The iXML specification is designed to provide an unambiguous communication of file and project based metadata between various stages of workflow in production, telecine, picture editorial and audio post production. iXML is primarily designed to be used as a  RIFF (embedded tagged data) chunk inside a Broadcast Wave file (although it can be optionally included in other file types), to supersede the metadata currently written in the standard Broadcast Wave ‘bext’ chunk description field in a non-standardised way by several manufacturers. iXML is intended to offer a standardised specification to communicate all information currently in use, and to provide an extensible framework for manufacturers to add new private, or public data, and for the specification to expand in a completely forward and backwards compatible manner.

iXML uses the XML (eXtensible Markup Language) standard for communication of tagged metadata. All fields are optional when creating iXML, and readers of iXML data must not assume or require any fields to be present. The iXML concept was born during a meeting of various manufacturers, software designers and users, hosted by the Institute of Professional Sound, in London, on the 8th July 2004. The “i” in iXML recognises the part the IPS played in bringing together such a diverse blend of normally competitive manufacturers to collectively solve the increasingly difficult problem of metadata interchange, with an elegant, capable and completely public specification.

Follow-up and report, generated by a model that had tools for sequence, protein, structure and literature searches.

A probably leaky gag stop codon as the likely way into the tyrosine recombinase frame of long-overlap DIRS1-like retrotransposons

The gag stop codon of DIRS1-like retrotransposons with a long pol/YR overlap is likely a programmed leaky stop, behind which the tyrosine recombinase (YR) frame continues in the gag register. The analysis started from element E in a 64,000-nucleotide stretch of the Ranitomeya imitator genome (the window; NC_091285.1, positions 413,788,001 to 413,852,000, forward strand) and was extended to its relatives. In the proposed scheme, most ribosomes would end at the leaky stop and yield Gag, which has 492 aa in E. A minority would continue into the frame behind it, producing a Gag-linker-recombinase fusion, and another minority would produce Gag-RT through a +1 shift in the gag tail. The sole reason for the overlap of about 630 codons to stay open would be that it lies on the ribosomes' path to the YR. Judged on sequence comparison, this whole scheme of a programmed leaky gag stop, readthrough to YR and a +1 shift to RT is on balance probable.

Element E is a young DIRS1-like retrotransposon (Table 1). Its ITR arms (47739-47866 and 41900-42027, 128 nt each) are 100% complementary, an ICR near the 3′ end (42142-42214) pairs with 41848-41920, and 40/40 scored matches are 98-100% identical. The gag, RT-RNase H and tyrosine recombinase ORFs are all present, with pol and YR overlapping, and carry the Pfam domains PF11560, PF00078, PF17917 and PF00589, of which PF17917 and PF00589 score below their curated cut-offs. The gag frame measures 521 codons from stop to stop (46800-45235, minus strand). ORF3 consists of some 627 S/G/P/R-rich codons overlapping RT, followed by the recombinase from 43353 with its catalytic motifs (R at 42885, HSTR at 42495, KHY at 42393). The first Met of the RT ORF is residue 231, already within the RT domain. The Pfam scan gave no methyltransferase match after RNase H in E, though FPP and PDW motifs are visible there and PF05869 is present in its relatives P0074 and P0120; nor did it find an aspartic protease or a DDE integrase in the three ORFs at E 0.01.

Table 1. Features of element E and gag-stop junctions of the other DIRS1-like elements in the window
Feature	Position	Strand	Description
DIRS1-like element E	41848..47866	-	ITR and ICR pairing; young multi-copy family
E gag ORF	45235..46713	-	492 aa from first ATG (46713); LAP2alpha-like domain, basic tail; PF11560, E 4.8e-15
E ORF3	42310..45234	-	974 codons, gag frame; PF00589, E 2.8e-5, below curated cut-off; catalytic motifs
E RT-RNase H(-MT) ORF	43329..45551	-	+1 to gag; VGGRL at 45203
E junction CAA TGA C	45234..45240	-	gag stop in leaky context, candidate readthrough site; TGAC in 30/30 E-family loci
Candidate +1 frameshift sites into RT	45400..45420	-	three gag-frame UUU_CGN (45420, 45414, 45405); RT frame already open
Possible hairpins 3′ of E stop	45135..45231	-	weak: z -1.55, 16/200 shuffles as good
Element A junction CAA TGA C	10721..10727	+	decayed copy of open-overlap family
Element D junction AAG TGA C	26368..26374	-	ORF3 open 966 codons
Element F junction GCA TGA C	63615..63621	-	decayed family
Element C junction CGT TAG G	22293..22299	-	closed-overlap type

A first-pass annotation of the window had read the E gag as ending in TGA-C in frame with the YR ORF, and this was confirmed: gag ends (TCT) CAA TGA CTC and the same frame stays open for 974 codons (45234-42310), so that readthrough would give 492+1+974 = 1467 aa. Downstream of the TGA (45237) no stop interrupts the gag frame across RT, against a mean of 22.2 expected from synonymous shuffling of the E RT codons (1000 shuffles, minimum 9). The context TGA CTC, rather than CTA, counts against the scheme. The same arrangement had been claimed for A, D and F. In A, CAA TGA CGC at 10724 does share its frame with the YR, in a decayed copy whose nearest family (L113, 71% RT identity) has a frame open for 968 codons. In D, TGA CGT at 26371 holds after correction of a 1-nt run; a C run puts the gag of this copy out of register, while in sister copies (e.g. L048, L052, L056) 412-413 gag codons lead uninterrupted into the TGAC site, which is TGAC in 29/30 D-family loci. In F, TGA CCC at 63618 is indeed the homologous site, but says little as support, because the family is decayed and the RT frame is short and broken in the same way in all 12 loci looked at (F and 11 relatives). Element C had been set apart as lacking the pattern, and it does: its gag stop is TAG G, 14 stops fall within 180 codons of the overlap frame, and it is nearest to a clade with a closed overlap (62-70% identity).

Mark Gilbert of Gallery was an early implementer of iXML and has contributed significantly to the development of the standard, including constructing and maintaining his own website to assist developers. See http://www.ixml.info/

The agreed draft specification for iXML is being considered by the AES as a potential standard. (now accepted)